Huawei gained access to data and phone calls for 6.5 million Dutch KPN users, including the Prime Minister: Report

Huawei, a Chinese military technology company that supplied communications equipment to the Netherlands’ largest mobile network, KPN, had unlimited access to 6.5 million users of the Dutch company, including the telephone and personal data of the then Prime Minister of the Netherlands.

On April 17, the Dutch newspaper De Volkskrant reported that in 2010 KPN commissioned a Capgemini consultancy to conduct an internal investigation into the security of the Huawei core network. However, according to de Volkskrant, Capgemini’s confidential reports were so terrible that KPN filled them in until recently it came to light.

Capgemini reported that Huawei staff broke into the core of KPN’s system, accessing and eavesdropping on all subscriber numbers, including then-Dutch Prime Minister Jan Peter Balkenende, from both inside KPN’s office and in China. .. China-based Chinese national security forces can do the same. The report also states that it has unlimited access to the personal data of all KPN users.

KPN’s members include the Prime Minister, ministers, politicians, businesses, individuals and Chinese dissidents, who are the main targets of CCP administration oversight.

According to the report, Huawei also knew which numbers the Dutch police and intelligence agencies and security service AIVD (Algemene Inlichtingen en Veiligheidsdienst) were tapping.

Epoch Times Photo
The Huawei logo was shot at the IFA Consumer Tech Fair in Berlin, Germany, on September 6, 2019. (Hannibal Hanschke / Reuters)

According to the report, when Huawei’s core network technology was installed on KPN’s system in 2009, Huawei had six employees working at KPN’s former headquarters in The Hague.

KPN asked Capgemini to investigate and report in 2010 after Huawei was repeatedly warned by AIVD that Huawei was suspected of widespread technical intrusion and espionage and its network equipment was highly suspicious. Based on Capgemini’s report, KPN has decided to refrain from outsourcing full maintenance of its mobile core network to Huawei. Other than that, the Dutch company took no further action, according to de Volkskrant, but obscured the report.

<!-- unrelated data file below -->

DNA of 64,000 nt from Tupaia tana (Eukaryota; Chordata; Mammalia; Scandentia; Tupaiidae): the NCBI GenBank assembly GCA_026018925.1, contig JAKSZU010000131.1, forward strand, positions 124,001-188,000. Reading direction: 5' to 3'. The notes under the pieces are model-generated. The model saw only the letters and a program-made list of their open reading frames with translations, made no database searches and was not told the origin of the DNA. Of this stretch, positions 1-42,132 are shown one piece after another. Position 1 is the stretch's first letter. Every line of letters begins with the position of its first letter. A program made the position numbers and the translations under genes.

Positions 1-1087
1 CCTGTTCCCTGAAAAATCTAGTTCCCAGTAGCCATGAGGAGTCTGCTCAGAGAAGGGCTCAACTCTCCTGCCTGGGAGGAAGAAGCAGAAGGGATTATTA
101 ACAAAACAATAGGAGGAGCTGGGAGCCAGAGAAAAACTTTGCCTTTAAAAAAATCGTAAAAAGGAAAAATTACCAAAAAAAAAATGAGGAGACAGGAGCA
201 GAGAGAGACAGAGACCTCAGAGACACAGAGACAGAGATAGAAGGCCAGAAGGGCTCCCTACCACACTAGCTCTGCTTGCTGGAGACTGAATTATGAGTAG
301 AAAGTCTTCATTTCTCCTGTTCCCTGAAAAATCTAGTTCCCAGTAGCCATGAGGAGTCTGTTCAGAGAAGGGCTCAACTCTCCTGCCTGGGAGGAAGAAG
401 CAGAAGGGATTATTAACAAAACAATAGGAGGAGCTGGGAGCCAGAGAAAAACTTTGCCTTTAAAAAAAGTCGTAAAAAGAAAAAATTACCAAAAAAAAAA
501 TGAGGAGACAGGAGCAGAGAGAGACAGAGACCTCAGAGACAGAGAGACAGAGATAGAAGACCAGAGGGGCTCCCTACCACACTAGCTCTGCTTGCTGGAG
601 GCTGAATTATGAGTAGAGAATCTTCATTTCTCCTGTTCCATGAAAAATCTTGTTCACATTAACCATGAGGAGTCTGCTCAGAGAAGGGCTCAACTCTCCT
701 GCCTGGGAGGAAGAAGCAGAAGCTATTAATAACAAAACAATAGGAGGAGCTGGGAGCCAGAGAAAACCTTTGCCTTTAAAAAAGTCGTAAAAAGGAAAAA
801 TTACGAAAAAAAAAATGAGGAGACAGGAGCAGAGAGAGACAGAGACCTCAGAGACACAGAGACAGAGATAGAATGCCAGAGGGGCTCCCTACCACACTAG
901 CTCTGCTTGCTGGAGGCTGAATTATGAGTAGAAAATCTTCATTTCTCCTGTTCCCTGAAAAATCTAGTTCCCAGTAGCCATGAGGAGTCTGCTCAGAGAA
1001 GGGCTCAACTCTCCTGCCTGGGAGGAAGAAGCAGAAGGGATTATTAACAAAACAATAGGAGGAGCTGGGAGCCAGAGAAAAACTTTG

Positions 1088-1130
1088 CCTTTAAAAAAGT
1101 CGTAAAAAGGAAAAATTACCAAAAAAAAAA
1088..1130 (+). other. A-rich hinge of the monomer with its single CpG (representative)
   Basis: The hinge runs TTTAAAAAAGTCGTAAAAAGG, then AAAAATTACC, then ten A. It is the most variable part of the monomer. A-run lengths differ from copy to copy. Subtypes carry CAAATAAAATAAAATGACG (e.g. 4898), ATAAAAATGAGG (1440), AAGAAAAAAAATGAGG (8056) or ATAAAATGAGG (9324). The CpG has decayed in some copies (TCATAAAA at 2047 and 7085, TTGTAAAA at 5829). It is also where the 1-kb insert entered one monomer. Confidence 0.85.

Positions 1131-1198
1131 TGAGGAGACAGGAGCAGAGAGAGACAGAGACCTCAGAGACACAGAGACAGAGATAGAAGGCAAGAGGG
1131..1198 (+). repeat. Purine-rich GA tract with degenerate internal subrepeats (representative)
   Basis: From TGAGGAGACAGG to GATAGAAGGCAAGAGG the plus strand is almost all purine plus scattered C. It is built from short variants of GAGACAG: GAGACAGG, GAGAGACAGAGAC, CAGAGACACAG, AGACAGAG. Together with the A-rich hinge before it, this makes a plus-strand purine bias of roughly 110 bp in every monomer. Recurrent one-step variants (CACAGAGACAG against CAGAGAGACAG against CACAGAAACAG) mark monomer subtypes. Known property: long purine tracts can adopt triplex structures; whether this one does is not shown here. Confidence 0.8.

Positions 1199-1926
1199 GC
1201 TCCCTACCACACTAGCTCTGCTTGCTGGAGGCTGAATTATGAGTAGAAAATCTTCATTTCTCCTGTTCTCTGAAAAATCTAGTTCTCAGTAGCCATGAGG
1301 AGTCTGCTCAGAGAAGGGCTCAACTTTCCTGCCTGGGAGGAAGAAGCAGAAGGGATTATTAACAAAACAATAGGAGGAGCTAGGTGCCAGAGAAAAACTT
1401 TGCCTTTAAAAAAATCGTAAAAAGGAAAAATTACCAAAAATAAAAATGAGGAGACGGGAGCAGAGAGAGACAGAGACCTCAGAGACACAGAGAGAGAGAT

A Dutch newspaper also reported that Huawei had unlimited access to customer data from KPN’s subsidiary Telfort as early as 2004. Despite an audit in 2011 by KPN that confirmed and warned of a Telfort customer data breach, KPN did nothing more and did not investigate or warn Telfort’s customers.

On April 19, KPN acknowledged the existence of the report, stating that “Huawei has never been observed to obtain client information,” and “unauthorized, controlled, or unlimited access to our networks and systems.” There was no supplier who did.

KPN’s core may still be exposed to espionage, as internal sources have access to De Volkskrant and Huawei still have some control over KPN’s 4G network after the KPN statement was released. Said there was. Huawei employees have “administrator privileges” on KPN’s core platform because Huawei’s equipment is installed on KPN’s core platform.

As a leading supplier of KPN’s 3G and 4G mobile network equipment, Huawei has denied allegations of improper surveillance of KPN users. “We have never been accused of acting fraudulently by government agencies,” it said. Said, According to the Guardian.

Huawei, which has close ties to the Chinese Communist Party’s military, raises widespread security concerns in many Western countries. The US government has blacklisted Huawei and its suppliers and imposed sanctions, but Chinese tech companies are vying for control over global 5G networks.